Mark Twain, who is credited with saying “golf is a good walk spoiled,” can also be paraphrased with this sensationalistic expression: Don’t let the facts get in the way of a good story. In examining Woods’ year, the opposite is true. We shouldn’t let a good story get in the way of the facts.

Five wins is five wins. It was three better than anyone else, at least on the PGA Tour. Maybe it was still great without a major, maybe great years have to include one. We’re parsing words here. 

This was a simple question, seeking a simple answer. And that’s exactly what Woods offered in response, succinctly and precisely.

“Pretty damn good year.”

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Next up for Koepka: Buddies and a bachelor party

By Will GrayJune 24, 2018, 7:46 pm

CROMWELL, Conn. – Coming off a successful title defense at the U.S. Open, Brooks Koepka arrived at the Travelers Championship in need of a nap. It appears he won’t be getting one anytime soon.

Koepka normally wakes up by 6 a.m. without using an alarm, but without much down time since his victory at Shinnecock Hills he slept in until 8:20 a.m. Sunday morning, prior to his 10:40 a.m. tee time. Any impact to his pre-round routine appeared negligible, as Koepka fired a 5-under 65 that included seven birdies over his first 13 holes.

“I felt like today was kind of the first day I got everything back,” Koepka said. “I was definitely running behind, but it was nice to catch up on some sleep.”

Koepka became the first U.S. Open winner to play the week after since Justin Rose in 2013, and he finished the Travelers at 9 under with four straight sub-par rounds. While he’s got some free time in the coming days, it won’t exactly be restful.


Full-field scores from the Travelers Championship

Travelers Championship: Articles, photos and videos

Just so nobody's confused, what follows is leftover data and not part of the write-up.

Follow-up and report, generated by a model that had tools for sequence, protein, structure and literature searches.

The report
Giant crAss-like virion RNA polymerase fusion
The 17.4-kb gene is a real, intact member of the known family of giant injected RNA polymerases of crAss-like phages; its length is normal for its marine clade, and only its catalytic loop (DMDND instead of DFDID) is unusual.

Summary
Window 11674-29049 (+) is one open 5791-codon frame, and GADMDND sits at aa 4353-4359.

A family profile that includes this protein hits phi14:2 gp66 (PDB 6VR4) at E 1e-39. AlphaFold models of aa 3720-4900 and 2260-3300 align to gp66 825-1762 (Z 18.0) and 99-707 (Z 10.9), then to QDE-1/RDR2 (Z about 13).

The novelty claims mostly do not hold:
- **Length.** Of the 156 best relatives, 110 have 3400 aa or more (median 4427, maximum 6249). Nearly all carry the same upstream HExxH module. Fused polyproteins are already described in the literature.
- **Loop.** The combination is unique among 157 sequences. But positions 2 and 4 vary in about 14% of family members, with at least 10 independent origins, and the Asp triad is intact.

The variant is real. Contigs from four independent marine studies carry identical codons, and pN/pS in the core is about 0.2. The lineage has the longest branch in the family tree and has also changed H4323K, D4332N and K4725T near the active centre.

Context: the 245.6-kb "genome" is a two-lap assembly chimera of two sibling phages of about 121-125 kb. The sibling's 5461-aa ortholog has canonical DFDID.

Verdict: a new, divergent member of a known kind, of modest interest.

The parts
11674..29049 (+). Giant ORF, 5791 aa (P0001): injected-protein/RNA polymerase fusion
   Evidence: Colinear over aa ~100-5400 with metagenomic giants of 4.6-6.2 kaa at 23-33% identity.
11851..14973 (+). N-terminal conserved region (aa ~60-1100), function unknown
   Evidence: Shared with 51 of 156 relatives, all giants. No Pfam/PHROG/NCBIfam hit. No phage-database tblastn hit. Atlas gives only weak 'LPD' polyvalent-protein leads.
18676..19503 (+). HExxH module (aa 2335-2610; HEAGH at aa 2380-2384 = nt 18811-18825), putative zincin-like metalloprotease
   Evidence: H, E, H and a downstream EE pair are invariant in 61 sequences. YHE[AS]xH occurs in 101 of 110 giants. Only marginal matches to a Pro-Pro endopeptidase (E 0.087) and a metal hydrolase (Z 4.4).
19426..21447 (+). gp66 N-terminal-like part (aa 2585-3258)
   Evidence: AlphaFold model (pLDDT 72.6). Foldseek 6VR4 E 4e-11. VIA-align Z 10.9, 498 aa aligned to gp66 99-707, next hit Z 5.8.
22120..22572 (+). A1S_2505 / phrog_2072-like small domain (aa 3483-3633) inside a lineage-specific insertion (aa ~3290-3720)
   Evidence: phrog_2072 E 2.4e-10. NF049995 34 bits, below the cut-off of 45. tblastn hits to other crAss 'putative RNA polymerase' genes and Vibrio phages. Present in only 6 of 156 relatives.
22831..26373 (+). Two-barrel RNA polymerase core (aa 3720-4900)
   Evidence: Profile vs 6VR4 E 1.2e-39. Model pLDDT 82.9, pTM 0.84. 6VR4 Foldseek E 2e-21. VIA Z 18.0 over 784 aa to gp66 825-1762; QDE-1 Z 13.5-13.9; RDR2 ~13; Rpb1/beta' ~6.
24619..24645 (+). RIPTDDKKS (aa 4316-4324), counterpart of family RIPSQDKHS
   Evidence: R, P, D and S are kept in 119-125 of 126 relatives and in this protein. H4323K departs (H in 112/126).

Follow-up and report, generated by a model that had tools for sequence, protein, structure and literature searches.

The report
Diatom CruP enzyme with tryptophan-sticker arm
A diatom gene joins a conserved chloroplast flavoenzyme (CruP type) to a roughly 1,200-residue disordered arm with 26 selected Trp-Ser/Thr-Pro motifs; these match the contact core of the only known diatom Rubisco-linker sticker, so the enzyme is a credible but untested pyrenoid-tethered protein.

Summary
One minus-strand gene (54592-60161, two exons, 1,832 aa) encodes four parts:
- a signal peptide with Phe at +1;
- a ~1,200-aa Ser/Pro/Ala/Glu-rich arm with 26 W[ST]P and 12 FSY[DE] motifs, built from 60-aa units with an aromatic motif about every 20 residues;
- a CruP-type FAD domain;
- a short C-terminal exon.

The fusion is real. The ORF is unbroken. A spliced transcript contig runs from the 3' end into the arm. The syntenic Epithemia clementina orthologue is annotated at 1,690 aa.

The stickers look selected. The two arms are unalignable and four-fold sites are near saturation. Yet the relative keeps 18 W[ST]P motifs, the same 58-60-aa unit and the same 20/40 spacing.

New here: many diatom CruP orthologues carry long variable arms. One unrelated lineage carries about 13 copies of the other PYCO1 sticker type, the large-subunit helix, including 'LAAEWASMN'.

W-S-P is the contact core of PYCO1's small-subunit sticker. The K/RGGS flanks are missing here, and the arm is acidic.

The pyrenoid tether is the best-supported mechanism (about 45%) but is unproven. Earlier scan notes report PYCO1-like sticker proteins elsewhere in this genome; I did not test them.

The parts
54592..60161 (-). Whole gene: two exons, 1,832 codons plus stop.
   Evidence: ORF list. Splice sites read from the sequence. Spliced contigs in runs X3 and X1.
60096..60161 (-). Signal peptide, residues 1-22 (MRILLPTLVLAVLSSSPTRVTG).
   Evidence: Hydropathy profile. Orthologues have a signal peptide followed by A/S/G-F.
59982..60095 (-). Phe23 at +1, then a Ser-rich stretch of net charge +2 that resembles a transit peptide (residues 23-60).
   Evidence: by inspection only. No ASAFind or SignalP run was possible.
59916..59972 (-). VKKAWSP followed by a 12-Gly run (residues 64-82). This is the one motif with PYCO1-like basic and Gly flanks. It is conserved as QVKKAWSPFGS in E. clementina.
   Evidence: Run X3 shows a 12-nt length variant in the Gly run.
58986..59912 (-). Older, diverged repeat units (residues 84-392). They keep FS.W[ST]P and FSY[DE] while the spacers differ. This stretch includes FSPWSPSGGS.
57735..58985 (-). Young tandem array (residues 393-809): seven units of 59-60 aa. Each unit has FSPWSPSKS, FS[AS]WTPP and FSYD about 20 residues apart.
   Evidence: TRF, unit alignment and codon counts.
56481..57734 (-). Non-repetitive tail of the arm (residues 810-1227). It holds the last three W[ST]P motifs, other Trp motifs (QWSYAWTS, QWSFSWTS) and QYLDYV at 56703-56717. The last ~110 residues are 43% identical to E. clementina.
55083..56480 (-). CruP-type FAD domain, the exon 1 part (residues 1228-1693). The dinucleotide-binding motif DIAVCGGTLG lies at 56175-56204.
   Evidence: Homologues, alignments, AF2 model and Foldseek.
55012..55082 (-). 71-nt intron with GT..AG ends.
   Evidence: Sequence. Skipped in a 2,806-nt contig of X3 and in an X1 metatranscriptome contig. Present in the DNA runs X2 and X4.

“We’ve got 11 guys that I’m pretty close with, so I’m looking forward to hanging out with them in Boston for a few days and then [getting] back down to West Palm for a night, and then we’re off to my best friend’s bachelor party,” Koepka said. “I was really hoping to get some rest, but I don’t know how much that will happen.”

Last year, Koepka took a month off following his U.S. Open win at Erin Hills, only touched a club once, and still finished T-6 at The Open at Royal Birkdale. While this will be his final competitive start before Carnoustie, he expects to make a strong run toward a third major title next month in Scotland.

“I’m shutting it down for a while. I don’t feel like I need to play,” Koepka said. “I feel like my game’s in a good spot, played really well this week. Just some stupid mistakes and mental errors. That’s all it was, lack of focus and low energy. To be honest with you, I’m not surprised. I did play well though, I putted well, and I’m somewhat pleased.”

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Spieth ends busy stretch without top-10 finish

By Will GrayJune 24, 2018, 7:39 pm

CROMWELL, Conn. – There were no final-round heroics this time around for Jordan Spieth at the Travelers Championship.

After taking the title last year with perhaps the most memorable shot of the year, Spieth appeared poised to make a robust defense of his title after an opening-round 63 gave him a share of the lead. But that proved to be as good as it would get, as he played the next three rounds in a combined 3 over to drop outside the top 40 on the final leaderboard.

It marked the end of a pedestrian run of six events in seven weeks for Spieth, during which his best finish was a tie for 21st at the AT&T Byron Nelson.

“A lot of cut-line golf, which is somewhat unusual historically for me, fortunately,” Spieth said after closing with a 1-under 69. “Kind of a grind, but I made actually a lot of progress where I needed to within the last few weeks.”


Full-field scores from the Travelers Championship

Travelers Championship: Articles, photos and videos


Spieth has struggled to get on track on the greens this year, but he has started to turn a corner in recent weeks, specifically during a missed cut at the Memorial Tournament, and he picked up more than three shots on the field this week in strokes gained: putting.

“My putting’s right on point where it needs to be. It’s getting better every single week,” Spieth said. “It’s the best it’s been in a couple years.”